A recycling center on the East Side with a long list of citations is making nearby residents miserable. The city is cracking down on the company once again, giving them one last chance to stay open.
Antonia Aldaco, 84, has lived in her home on Seguin Street for 60 years.
"When you come in, just all this dust. I can't even open my doors," Aldaco said, showing dirt swept all through her house.
About six months ago, Ascent Recycling moved into the industrial property next door and since then, Aldaco has grown furious. First, she noticed the dust.
"Especially when the trucks are coming out, you can see like a cloud," she said.
Aldaco's car, her gate, the chair and swing right outside her front door, are all covered in dust. She said it has only been happening since the center opened in January.
Aldaco is also upset about the trash flying all the way to I-35.
"All over the street, and I mean big papers, boxes and everything. It stinks sometimes," she said.
"The other violations are rodents, rats. In the middle of the night, we have rats come across the street," said Rose Hill, Government Hill Neighborhood Association president. "These are senior people. They need help. This is not the quality of life we want people to have."
These are all very familiar issues to Michael Shannon, assistant director of the city's Development Services Department. He said his code compliance team has been following the company for a while now.
"The recycling plant used to be at a location on South Cross Boulevard. They had some code violations to the extent that we had to shut them down. They weren't zoned properly. They weren't following city rules," Shannon said.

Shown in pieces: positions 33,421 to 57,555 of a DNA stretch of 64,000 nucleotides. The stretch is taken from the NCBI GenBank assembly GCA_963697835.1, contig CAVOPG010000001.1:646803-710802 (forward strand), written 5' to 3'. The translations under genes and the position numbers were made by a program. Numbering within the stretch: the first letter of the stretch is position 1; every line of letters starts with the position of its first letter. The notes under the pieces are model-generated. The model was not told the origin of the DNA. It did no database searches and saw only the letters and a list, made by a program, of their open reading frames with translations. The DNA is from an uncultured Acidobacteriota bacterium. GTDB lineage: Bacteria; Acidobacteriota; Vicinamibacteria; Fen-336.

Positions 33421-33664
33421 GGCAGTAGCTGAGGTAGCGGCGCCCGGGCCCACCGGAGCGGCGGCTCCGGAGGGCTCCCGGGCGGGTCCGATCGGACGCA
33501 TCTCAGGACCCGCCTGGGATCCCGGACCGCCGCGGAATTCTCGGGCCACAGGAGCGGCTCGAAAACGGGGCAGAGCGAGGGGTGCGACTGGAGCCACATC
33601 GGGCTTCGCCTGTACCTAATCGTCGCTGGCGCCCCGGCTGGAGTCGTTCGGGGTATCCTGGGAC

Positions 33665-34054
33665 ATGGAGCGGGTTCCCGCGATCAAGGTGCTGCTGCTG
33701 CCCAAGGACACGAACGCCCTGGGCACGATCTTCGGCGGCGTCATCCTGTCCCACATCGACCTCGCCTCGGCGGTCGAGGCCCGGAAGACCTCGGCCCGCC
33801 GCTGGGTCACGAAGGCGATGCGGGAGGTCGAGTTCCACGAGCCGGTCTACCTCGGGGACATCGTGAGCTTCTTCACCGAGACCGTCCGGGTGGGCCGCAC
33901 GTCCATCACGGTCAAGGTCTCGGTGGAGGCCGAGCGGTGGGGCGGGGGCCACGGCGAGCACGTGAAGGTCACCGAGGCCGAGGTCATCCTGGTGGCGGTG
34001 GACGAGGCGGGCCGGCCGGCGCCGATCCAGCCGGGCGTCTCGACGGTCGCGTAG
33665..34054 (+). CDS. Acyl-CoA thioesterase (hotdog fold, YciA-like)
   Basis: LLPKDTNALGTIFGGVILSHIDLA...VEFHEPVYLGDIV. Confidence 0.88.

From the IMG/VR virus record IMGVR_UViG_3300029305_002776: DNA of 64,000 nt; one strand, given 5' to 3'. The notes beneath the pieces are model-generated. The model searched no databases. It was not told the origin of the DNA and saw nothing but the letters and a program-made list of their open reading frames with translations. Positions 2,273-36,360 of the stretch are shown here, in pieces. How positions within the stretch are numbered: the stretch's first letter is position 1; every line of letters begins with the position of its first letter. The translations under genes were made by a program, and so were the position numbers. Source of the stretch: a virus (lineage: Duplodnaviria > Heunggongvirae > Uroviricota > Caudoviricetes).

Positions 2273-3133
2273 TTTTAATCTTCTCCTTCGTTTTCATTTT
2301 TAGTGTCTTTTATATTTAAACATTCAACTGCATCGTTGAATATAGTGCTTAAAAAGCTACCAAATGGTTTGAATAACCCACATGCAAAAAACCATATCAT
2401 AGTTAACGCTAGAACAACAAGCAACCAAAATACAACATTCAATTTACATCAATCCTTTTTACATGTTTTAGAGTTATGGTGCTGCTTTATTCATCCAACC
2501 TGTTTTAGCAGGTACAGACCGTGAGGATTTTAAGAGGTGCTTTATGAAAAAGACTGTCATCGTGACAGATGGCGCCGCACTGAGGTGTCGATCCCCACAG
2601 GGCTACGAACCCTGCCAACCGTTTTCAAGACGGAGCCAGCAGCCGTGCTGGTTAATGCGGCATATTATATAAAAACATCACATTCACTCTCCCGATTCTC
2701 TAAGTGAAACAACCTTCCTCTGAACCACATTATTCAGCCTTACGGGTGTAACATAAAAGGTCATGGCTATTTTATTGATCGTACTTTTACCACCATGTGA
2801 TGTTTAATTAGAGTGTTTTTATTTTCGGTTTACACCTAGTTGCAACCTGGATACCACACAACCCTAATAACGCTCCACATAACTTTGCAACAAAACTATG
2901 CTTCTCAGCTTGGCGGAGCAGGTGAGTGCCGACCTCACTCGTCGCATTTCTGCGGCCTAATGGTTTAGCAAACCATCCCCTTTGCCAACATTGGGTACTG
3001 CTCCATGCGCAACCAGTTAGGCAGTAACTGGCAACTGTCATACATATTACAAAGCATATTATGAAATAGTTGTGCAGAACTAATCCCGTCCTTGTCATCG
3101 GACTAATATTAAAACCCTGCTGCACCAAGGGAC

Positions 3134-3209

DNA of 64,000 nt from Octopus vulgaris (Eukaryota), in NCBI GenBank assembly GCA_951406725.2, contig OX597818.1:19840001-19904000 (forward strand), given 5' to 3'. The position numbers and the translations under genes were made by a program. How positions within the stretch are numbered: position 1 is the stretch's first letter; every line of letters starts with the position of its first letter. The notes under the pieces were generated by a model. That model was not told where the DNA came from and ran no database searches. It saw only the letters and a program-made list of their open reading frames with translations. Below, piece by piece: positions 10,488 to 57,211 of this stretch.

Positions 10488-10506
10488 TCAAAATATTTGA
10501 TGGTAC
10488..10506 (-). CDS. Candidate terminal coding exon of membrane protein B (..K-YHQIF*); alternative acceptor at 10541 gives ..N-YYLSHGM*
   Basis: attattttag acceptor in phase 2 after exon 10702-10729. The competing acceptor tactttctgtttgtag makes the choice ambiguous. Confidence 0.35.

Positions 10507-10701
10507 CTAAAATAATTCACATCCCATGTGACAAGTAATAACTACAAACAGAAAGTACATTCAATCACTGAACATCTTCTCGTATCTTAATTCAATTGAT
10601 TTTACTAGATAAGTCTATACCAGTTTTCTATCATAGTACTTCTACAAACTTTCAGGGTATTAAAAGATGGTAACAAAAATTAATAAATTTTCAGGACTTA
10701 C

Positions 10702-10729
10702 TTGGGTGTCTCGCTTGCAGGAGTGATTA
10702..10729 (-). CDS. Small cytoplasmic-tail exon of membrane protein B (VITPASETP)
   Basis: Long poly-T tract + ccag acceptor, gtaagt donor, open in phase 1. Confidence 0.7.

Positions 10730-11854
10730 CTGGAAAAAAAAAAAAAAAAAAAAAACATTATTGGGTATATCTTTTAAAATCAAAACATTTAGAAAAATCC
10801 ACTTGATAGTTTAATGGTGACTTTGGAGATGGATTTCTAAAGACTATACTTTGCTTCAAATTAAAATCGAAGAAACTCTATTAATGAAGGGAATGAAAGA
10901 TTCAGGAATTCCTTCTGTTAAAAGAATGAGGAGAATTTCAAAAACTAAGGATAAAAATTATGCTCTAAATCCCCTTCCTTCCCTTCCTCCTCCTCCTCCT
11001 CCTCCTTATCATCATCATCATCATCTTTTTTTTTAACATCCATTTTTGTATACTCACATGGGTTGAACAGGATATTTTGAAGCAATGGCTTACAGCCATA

Ascent moved to Seguin Street to an industrial zoned property where they could legally recycle cardboard.
"When we talked to them about moving to this other location on Seguin Street, we told them they could do their cardboard recycling but don't do metal recycling," Shannon said. "They understood that. We gave it to them in writing, and they still violated that."
Inspection documents pulled through an open records request show Ascent Recycling started illegally recycling metal in January and February.
"The metal violations were already handled through the court process. We had 15 citations issued just for that violation. That landed on $3,000 that they've been fined already for that. But they've cleaned that up, stopped doing that," Shannon said, confirming they have not been recycling metal at least since an April inspection.
Now, Shannon is focused on the other citations.
"Some trash and debris, overgrown weeds, vegetation, some dust and parking lot standards that they're not complying with," he explained. "We go out almost weekly now to keep them honest."
He said trimming the weeds and controlling the trash should keep the rats away. There is also a way to deal with all the dust.
"Generally, they do that by paving the areas that are heavily trafficked. So, that's where we have them under notice now. They're not meeting some of the parking lot standards," Shannon said.
The city will take Ascent Recycling to court in August over those violations. If the owners still don't comply after that, they'll be shut down.
"The neighborhood association supports all businesses, but when you have a business come in like this, that's not willing to work with the residents and is making their quality of these elderly people's lives miserable, we're not okay with that," Hill said.
KSAT 12 made several attempts to contact the owner of the company but has not received a call back. If he does eventually make a comment, we will update the story.
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